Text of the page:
Torchwood goes international and € Wow. When last we saw Torchwood it was € well, no more. Their headquarters were destroyed, most of the team were dead and Capt. Jack had sacrificed his own grandson to save the rest of The Children of Earth. Wracked with guilt, he became an interstellar hobo and the pregnant Gwen went off the grid with her fella, Rhys. But, if you don€™t know or don€™t remember any of that, it€™s okay, because this is a new beginning. Relocating production to America gives creator Russell T. Davies the chance to start work on a whole new, much bigger, canvas! Most of what you need to know will be told you as we go along. And so we begin - with a celebrity. Bill Pullman (who you probably last saw as the fighter-plane flying President in Independence Day) is, here as Oswald Deans, a convicted paedophile and murderer spending what are intended to be his last few moments on this Earth before receiving the death sentence. Things do not go according to plan and this €“ 6am Kentucky time €“ is our introduction to Miracle Day, a day when nobody dies. Pullman is creepy and twitchy and quite compelling as he argues he should be free because his sentence has been committed and he was executed. It isn€™t his fault nobody can die. This is obviously a plot thread which will become increasingly central as Miracle Day€™s ten episodes unfurl. Russell T. is very good at taking conventions and turning them on their heads and here he has hatched a brilliant variation on the old fable €“ what if something everybody wishes for actually came to pass. The terms and conditions on such deals, of course, always read: €œBe careful what you wish for!€ You know those films €“ like Firefox, The Hunted and Shooter - that begin with a grizzled, battle-weary veteran living the quiet life in the wilds, before a call to adventures comes a-knocking? \Here, the grizzled, battle-weary veteran is Gwen Cooper (Eve Myles) living in a lovely little cottage with Rhys and their daughter, Anwen, in the arse-end of €œGod€™s own€ Wales. Meanwhile, a curious CIA agent €“ Esther Drummond (Alexa Havins) - is worrying about Torchwood, inspired by an email which mysteriously appears out of nowhere. When she begins to dig she is surprised to find there is no reference to Torchwood anywhere. Apart from this blog post, obviously. Mekhi Phifer is Rex Matheson, another CIA agent, who was in an accident, should have died but, thanks to €˜The Miracle€™, didn€™t; giving doctors time to repair him. Not unreasonably, he worries what will happen when €˜The Miracle€™ ends and is determined to learn how it all ties in with the mysterious Torchwood. But what of Captain Jack (John Barrowman)? No Captain Jack, no Torchwood. As always, he and his trusty greatcoat reappear with nary a glance backward at the misery he has left in his wake. He has been drawn back to Earth by that mysterious email. Of course, one of his USPs is that he is immortal. n one occasion, I seem to recall, he spent a couple of thousand years buried in a hole; on another he was buried in liquid concrete. He€™s one tough hombre. Now everyone else is €œundying€ and he, curiously, isn€™t as hard-wearing as he used to be. This suggests that there is some connection between him and Miracle Day, and the email was his invitation back home. By whom and why will, no doubt, become clearer as we proceed. It€™s a shame we didn€™t get to see him travelling the stars, but then, Torchwood has never been about the sexy, space-travelly bits of science fiction adventuring, it€™s always been about the more grounded, grimy consequences. Rhys is, in many ways, the most Torchwoodian character, because he€™s the one who has both feet in the real world. When Gwen decides she wants to break cover and help, his is the voice of common sense and reason, pointing out that people not dying is really not a problem. If only that were true. There are almost off-hand revelations that 300,000 people usually people die a day and another 500,000 are born and, if the not dying continues, it€™ll be four months before the Earth is overwhelmed. Can€™t help but feel that€™s going to become increasingly a problem! I€™m glad to confirm that Davies€™ two years off have not blunted his pen. There is some excellent writing here. He can still turn out a deceptively simple but incredibly powerful line, such as one doctor€™s assertion that €œMiracles got easy€. He is also good at creating memorable set-pieces. There€™s a really icky scene involving a burned victim which zombie movie fans will be talking about that for some time to come, I imagine! The last ten minutes of the episode are the fulfilment of what every Torchwood and Doctor Who fan has been hoping for €“ the same old action/adventure but with a bigger budget and a more glamorous American twist. Yet Davies still approaches his material with his tongue in his cheek €“ there being a lovely visual gag involving ear-muffs amidst the gunfire. But what of the tone? Well, it€™s certainly lighter than Children of Earth, but then so is your average Lars Von Trier film. There was also a Biblical subtext to that series (pillars of fire, voices from the Heavens demanding we sacrifice our children) and I expect there to be a developing subtext here dealing with death and our troubling relationship to it. There is no mention (yet) of Jack€™s rapacious and polymorphous sexuality. I was wondering if that might be eliminated from the Americanised version but, since it€™s co-produced with Starz and they make the absolutely-anything-goes Spartacus, I don€™t think we need fear. This episode is gently easing you in to Davies€™ world and getting all the chess-pieces in place. Next week is when, all being well, the game will begin in earnest. Torchwood: Miracle Day airs on the Starz network today, and on BBC One on Thursday 14th at 9pm.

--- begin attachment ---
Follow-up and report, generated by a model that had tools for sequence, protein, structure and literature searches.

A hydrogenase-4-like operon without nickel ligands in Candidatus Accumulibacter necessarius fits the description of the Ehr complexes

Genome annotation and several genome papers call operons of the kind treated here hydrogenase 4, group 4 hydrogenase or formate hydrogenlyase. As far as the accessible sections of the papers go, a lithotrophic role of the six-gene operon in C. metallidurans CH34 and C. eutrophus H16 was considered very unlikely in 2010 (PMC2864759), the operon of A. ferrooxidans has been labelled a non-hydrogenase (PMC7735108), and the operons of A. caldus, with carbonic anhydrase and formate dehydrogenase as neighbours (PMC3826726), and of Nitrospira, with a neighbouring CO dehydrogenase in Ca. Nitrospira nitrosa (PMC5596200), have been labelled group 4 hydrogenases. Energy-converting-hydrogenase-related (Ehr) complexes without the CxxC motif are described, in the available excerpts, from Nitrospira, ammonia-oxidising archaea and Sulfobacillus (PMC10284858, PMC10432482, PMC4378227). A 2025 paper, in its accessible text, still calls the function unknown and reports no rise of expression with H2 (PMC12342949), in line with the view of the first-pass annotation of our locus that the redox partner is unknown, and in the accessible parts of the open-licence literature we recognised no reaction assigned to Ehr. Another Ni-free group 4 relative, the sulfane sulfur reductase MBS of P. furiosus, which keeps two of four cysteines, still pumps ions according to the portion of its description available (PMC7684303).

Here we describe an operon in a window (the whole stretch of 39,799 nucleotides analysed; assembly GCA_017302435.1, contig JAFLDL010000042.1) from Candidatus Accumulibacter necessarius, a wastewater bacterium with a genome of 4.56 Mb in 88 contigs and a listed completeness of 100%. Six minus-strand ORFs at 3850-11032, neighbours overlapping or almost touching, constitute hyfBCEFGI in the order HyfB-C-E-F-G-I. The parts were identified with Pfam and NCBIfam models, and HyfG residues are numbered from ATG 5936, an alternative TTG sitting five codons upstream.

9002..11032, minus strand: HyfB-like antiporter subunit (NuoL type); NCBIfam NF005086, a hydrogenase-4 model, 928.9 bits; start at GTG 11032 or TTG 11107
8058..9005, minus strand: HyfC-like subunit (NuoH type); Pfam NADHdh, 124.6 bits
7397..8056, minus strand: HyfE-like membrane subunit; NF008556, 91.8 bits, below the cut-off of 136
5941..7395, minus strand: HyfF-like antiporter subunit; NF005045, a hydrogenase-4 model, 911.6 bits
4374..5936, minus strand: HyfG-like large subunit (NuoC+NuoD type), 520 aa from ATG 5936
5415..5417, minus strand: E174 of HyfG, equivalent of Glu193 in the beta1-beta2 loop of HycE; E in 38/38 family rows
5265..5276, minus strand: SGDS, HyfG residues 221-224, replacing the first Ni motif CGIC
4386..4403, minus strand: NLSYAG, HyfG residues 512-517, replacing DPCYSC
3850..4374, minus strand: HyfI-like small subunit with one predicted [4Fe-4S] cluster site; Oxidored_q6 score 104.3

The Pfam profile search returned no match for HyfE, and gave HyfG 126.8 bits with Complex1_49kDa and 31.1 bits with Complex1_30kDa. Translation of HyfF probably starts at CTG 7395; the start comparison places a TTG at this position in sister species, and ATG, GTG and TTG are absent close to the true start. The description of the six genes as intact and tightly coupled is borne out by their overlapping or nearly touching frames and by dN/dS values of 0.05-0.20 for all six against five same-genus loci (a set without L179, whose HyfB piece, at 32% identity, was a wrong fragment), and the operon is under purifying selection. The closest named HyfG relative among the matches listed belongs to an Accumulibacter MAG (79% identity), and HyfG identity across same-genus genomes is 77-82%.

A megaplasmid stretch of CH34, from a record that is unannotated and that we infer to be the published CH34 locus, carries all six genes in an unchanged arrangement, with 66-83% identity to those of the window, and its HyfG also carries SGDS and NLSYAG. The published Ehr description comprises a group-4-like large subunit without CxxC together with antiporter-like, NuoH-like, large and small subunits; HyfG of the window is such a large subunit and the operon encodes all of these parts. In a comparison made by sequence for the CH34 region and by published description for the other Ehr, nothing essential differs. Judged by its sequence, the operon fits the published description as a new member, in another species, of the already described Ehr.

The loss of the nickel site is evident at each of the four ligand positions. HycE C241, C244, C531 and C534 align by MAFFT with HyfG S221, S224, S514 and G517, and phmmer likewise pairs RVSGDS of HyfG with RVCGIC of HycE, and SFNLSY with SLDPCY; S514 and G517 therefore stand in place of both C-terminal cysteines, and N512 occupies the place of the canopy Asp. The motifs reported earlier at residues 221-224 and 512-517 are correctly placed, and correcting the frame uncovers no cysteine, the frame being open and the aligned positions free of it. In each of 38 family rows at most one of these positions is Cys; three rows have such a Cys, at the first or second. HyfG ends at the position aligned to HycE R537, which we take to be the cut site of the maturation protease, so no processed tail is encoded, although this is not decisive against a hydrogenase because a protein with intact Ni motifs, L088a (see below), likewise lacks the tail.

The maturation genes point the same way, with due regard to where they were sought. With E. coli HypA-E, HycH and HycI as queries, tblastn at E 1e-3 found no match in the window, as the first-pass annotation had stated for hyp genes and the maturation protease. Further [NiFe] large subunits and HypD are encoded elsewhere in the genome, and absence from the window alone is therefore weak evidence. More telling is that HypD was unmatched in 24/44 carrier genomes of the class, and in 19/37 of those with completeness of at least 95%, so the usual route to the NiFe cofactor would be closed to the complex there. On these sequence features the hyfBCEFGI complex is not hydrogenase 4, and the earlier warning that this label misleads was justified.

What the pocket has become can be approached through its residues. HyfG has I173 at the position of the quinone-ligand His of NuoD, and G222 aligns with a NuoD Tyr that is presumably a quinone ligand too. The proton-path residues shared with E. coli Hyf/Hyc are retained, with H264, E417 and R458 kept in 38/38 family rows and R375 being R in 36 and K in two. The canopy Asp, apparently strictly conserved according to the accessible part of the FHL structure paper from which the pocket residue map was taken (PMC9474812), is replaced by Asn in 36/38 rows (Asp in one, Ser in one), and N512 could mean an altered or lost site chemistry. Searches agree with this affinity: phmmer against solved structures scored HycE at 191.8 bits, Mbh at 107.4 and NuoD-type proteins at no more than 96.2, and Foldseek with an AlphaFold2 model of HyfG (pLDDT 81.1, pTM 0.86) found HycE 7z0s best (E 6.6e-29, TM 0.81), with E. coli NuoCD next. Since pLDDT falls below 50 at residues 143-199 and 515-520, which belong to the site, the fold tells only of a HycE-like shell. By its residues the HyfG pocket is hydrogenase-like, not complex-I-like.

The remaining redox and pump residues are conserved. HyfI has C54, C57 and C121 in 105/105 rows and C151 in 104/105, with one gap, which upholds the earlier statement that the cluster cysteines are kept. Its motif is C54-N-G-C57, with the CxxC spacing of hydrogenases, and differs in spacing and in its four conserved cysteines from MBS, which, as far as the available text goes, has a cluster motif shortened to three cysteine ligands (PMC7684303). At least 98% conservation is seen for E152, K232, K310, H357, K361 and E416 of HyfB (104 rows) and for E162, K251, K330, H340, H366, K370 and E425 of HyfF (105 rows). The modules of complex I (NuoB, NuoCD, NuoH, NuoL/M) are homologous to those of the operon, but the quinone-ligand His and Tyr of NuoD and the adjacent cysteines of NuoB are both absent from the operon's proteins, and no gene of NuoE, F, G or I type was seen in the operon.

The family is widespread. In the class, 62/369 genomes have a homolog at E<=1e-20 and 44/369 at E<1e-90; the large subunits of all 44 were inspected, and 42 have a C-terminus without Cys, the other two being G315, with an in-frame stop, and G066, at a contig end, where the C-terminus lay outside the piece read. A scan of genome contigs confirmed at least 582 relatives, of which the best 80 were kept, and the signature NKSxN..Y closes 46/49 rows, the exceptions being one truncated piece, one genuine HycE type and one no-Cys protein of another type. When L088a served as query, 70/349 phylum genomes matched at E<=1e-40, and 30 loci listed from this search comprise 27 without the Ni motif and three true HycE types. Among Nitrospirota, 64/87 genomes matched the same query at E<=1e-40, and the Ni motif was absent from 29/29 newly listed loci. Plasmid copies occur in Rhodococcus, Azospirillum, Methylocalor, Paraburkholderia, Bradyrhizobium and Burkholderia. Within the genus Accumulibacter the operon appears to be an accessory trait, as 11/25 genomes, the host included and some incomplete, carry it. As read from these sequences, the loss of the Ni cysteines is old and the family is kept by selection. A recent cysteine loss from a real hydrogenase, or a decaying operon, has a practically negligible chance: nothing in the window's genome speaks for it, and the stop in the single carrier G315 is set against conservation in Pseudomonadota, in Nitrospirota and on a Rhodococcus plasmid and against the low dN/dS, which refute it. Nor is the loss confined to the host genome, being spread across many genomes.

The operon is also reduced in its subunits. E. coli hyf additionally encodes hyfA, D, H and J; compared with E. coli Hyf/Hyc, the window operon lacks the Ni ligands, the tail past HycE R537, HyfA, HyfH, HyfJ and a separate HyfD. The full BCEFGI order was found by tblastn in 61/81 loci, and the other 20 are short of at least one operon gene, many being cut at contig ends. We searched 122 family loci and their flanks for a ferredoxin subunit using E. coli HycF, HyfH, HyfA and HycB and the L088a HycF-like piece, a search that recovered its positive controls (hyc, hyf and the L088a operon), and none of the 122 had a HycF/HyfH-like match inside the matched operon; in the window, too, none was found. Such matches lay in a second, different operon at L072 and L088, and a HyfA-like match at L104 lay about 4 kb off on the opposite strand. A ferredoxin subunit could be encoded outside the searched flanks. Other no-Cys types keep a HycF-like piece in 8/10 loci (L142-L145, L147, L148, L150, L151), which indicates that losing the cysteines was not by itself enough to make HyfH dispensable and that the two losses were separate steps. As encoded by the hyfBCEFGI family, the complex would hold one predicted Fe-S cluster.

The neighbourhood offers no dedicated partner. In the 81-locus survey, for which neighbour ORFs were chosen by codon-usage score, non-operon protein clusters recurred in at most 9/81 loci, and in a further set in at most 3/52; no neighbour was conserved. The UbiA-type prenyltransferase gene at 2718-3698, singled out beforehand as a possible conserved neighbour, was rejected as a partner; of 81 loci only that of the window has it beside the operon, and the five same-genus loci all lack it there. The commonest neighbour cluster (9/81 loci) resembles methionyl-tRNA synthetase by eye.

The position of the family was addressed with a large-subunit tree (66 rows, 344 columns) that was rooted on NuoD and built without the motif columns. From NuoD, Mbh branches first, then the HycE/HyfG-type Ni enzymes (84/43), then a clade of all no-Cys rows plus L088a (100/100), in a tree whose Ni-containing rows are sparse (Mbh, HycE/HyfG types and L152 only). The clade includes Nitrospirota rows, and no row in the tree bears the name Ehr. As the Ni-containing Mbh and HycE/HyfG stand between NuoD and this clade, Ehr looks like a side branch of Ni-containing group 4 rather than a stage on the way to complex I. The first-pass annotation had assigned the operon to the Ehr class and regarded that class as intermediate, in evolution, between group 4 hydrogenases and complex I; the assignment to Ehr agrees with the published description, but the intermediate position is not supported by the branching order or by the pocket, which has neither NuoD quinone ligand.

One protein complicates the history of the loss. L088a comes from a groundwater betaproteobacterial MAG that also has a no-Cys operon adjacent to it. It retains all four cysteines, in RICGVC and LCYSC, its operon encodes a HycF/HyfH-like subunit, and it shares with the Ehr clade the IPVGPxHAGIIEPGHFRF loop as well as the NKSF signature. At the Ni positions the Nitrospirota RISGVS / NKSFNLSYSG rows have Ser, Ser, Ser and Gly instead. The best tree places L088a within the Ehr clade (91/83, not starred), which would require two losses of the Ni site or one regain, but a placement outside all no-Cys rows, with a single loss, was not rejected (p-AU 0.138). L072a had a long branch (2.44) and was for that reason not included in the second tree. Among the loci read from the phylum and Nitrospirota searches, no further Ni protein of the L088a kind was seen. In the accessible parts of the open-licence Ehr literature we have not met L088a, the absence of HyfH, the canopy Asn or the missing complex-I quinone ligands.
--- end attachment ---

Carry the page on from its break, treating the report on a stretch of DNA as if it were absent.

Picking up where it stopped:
Writer: Russell T. DaviesDirector: Bharat NalluriStars: John Barrowman, Eve Myles, Mekhi Phifer, Alexa Havins, Bill Pullman
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John Ashbrook has been publishing half-assed opinions about films, TV shows et al for twenty years now. He's hosted radio shows, taught Film Studies, written books and magazine articles by the cartload and now composes his own film review blog The Cellulord is Watching ... (www.cellulord.co.uk). Of course, what he *really* wants to do is direct.